Abstract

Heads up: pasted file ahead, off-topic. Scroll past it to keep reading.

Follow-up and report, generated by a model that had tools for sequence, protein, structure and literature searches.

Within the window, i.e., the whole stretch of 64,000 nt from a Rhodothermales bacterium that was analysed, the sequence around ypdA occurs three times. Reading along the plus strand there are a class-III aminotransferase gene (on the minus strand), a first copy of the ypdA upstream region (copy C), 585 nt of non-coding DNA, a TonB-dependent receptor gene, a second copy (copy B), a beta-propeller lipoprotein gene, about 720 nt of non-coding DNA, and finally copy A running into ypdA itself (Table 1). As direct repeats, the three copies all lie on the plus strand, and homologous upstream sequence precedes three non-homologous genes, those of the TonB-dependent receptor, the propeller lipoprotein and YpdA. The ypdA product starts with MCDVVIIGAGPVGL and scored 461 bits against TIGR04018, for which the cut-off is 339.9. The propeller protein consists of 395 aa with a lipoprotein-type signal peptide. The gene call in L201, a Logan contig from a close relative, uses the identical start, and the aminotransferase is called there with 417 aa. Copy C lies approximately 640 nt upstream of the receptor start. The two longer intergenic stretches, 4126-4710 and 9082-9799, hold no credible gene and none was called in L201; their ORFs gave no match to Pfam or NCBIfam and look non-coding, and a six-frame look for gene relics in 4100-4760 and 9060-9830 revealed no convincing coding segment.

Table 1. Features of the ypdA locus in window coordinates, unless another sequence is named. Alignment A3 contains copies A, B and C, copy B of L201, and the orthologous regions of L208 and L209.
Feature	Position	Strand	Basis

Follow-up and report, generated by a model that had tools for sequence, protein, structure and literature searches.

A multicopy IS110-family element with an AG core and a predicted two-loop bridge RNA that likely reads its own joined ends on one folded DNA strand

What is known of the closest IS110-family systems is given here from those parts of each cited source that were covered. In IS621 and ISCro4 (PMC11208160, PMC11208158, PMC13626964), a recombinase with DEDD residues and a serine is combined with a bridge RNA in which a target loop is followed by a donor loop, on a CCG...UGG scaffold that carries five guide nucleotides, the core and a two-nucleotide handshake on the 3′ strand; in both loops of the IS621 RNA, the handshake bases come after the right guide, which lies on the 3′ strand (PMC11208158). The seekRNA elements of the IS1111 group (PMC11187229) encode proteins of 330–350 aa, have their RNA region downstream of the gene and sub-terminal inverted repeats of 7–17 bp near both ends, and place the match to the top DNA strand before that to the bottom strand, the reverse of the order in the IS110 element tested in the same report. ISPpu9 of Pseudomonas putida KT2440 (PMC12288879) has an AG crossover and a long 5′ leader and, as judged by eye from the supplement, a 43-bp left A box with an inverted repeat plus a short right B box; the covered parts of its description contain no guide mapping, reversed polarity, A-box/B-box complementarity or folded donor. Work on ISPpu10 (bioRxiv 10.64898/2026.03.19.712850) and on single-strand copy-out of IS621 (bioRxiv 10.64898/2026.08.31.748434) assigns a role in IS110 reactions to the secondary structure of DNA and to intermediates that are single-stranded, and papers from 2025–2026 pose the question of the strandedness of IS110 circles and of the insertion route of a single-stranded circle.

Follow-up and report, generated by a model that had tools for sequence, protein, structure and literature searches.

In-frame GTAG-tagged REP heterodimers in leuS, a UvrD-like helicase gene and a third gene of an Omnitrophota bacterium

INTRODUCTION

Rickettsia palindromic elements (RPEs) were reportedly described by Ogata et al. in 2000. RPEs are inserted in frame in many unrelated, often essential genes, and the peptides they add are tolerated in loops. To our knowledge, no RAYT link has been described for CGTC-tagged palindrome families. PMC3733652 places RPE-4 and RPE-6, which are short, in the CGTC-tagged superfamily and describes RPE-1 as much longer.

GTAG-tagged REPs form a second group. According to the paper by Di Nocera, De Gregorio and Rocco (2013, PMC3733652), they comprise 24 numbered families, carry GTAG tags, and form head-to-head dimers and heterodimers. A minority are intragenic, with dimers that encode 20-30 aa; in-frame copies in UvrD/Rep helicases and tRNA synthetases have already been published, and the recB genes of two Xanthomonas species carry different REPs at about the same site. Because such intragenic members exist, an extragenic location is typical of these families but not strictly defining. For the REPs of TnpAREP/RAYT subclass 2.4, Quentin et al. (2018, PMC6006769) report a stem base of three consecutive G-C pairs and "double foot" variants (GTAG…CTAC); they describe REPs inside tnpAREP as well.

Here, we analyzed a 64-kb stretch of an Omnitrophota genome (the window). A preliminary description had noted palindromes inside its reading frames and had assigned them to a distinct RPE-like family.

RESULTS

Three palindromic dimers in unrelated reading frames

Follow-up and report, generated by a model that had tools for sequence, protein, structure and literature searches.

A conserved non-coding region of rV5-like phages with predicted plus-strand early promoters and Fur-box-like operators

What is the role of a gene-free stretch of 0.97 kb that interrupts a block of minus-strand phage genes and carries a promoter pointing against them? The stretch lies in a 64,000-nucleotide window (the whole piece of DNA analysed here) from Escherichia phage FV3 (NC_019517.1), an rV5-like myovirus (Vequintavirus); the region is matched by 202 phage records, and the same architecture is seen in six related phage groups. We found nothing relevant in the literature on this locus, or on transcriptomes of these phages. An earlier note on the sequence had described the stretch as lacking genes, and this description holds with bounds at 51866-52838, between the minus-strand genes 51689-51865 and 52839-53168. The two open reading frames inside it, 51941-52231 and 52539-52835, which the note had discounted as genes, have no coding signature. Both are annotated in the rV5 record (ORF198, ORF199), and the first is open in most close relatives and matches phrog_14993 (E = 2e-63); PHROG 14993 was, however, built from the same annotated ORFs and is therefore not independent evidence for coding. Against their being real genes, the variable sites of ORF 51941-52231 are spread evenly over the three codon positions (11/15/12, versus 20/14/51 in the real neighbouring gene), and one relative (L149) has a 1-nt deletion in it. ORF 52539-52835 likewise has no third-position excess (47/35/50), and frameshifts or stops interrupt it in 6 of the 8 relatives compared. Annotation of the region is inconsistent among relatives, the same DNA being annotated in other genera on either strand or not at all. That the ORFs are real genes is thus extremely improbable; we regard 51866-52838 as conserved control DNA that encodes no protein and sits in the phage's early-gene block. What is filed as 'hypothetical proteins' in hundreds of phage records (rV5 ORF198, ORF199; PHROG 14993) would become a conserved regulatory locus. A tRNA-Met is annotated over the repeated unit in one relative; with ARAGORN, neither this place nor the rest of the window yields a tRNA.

SeaMARC II imagery, SEABEAM bathymetry, seismic reflection profiles, and gravity and magnetic data are used to establish the tectonic significance of the Tuzo Wilson Seamounts, two submarine volcanic edifices located southwest of the southern end of the Queen Charlotte transform fault. SeaMARC II imagery reveals a parallel transform fault, an extension of the Revere–Dellwood Fault, bordering the southwest end of the Dell wood Knolls and terminating at the southwest end of the Tuzo Wilson Seamounts. This transform-fault system links spreading at the north end of Explorer Ridge to extension at the Tuzo Wilson Seamounts. An inactive continuation of this transform 50 km to the northwest of Tuzo Wilson Seamounts is inferred from seismic profiles. Between Dellwood Knolls and Tuzo Wilson Seamounts, this transform fault has offset Pleistocene (ca. 10 000 a) sea-bed features in a right-lateral sense by 250 m and has offset part of the Dellwood Knolls volcanic edifice by 6–8 km. Numerous normal faults at the Tuzo Wilson Seamounts and Dellwood Knolls are roughly orthogonal to the Queen Charlotte and Revere–Dellwood transforms and indicate rifting in an extensional jog between the transforms. Seismic profiles reveal sediments and basement back-tilted northwest and southeast away from the Tuzo Wilson Seamounts, also consistent with extension. Acoustic imagery indicates that the Tuzo Wilson Seamounts are surrounded by basalt flows that are largely free of sediment cover and thus postdate recent rapid sedimentation (< 10 000 a). In contrast, few of the flows around Dellwood Knolls are free of sediment. Basalts from the Tuzo Wilson Seamounts have high magnetizations (average 35 A/m) and are free of manganese encrustation. Tuzo Wilson Seamounts have a + 1000 nT magnetic anomaly, which can be modelled with normal, high-intensity (up to 40 A/m) magnetization and with geometry and depth matching the topography of the seamounts and surficial basalt flows. Their small, positive free-air gravity is largely accounted for by their topography; no appreciable local density contrast exists below the surrounding sea floor.The Tuzo Wilson Seamounts and Dellwood Knolls are separate sites of sea-floor spreading, although the partition of spreading between them is indeterminate. The 50 km inactive continuation of the Revere–Dellwood transform requires that a total of at least 100 km of sea floor has been created at the Tuzo Wilson and Dellwood spreading centres, probably within the last 2.5 Ma. The sea floor between the Tuzo Wilson Seamounts and Dellwood Knolls either is a separate microplate or is under going distributed strain. The triple junction of the Pacific, North America, and Explorer plates is not a discrete point; rather it occupies the strained and seismically active region between the northern Explorer Ridge and the Tuzo Wilson Seamounts.

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